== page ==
Prince Harry and Celebrities Take on Associated Newspapers in Group Litigation Over Illegal Surveillance Claims

Prince Harry lawsuit

Prince Harry is back in Court – along with a clutch of other celebrities including Sir Elton John – taking their case against Associated Newspapers Ltd in a four-day legal battle at the High Court in London.

Joining the 38-year-old royal in the action are actresses Elizabeth Hurley and Sadie Frost, Sir Elton John and his husband, filmmaker David Furnish, and Baroness Doreen Lawrence of Clarendon OBE.

Prince Harry, Elton John and others are suing the Daily Mail for allegations of gross breach of privacy and allegations of phone tapping and other issues

Representing Harry and the other claimants is lawyer David Sherborne, the ‘privacy superstar’ lawyer who has previously represented many celebrities including Prince Harry and Meghan Markle.

Associated Newspapers Ltd (ANL), publisher of the Daily Mail, The Mail on Sunday and MailOnline, is one of Britain’s largest media publishers and the defendant in this case.

Full details of the claims have not yet been made public, following an earlier application by Associated Newspapers which argues that the claimants’ use of information is in breach of a restriction order made by Lord Justice Leveson.

As a result, the judge has sealed the claims until that issue has been resolved, which will be part of the public hearing.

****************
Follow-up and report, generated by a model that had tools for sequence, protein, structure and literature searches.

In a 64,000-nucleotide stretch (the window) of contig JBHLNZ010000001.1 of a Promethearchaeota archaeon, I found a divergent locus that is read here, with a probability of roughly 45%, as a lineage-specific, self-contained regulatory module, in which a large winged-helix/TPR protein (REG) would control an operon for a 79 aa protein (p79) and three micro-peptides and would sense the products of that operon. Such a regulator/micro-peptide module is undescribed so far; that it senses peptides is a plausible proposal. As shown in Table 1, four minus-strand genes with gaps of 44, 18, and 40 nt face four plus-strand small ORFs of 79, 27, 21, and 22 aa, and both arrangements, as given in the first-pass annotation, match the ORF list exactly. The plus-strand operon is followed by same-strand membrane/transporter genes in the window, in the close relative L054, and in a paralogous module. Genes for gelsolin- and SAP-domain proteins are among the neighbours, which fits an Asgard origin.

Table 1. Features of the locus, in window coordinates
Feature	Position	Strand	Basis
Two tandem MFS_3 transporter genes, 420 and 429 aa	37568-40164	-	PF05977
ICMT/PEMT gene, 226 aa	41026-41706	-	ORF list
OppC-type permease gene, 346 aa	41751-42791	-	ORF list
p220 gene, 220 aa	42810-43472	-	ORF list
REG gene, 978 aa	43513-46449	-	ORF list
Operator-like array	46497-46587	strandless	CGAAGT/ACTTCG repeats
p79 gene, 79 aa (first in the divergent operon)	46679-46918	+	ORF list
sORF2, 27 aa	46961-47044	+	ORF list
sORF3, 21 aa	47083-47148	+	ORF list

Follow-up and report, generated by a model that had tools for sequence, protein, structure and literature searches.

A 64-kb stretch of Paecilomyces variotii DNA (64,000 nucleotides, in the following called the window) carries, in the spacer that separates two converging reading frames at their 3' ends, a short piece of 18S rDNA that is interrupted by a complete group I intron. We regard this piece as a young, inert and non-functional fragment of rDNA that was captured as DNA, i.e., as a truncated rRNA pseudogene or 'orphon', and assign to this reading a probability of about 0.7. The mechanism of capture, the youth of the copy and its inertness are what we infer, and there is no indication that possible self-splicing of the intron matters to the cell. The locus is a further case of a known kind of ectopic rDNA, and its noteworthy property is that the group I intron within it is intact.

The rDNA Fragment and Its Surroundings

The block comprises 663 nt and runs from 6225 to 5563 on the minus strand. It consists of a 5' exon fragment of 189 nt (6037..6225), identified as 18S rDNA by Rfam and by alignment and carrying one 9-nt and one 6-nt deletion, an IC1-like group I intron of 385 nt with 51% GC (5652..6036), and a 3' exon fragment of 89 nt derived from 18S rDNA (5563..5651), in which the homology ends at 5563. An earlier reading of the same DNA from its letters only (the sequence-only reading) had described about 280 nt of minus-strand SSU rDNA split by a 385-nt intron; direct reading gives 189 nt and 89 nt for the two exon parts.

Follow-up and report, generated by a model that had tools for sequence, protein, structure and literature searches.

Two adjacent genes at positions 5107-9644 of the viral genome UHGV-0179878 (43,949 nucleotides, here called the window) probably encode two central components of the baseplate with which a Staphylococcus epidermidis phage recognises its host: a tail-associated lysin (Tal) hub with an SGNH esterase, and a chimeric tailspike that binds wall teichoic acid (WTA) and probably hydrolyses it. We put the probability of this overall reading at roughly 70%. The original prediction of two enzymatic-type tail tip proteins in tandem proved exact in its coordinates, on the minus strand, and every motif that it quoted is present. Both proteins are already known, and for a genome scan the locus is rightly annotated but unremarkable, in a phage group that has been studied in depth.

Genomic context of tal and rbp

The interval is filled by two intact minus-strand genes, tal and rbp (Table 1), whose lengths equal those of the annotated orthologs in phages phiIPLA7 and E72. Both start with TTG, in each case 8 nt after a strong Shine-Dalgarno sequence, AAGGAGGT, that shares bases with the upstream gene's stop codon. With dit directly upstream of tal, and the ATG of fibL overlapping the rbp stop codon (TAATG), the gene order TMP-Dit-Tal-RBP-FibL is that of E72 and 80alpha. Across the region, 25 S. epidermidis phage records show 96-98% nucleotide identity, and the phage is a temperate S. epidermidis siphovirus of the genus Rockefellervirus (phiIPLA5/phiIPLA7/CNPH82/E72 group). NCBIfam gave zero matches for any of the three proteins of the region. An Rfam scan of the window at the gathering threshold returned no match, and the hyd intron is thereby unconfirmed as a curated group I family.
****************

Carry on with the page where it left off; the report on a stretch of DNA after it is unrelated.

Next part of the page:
It is not the first time that the accusations have been made by law firms acting for celebrity clients.

Lawyers for the claimants have said they had become aware of “highly distressing” evidence revealing they had been victims of “abhorrent criminal activity” and “gross breaches of privacy” by Associated Newspapers.

Accusations are denied by the newspapers include the hiring of private investigators to secretly place listening devices inside people’s cars and homes, the commissioning of individuals to surreptitiously listen into and record people’s live, private telephone calls while they were taking place, the payment of police officials, with corrupt links to private investigators, for inside, sensitive information, the impersonation of individuals to obtain medical information from private hospitals, clinics, and treatment centres by deception, and the accessing of bank accounts, credit histories and financial transactions through illicit means and manipulation.

Associated Newspapers has strongly denied the allegations, describing them as “preposterous smears”, and claiming the legal action taken is “a fishing expedition by [the] claimants and their lawyers”.

The Leveson Inquiry, led by judge Sir Brian Leveson in 2011, is relevant to this case.

The public inquiry was launched after it was revealed that journalists from News of the World had hacked the phone of murdered schoolgirl Milly Dowler.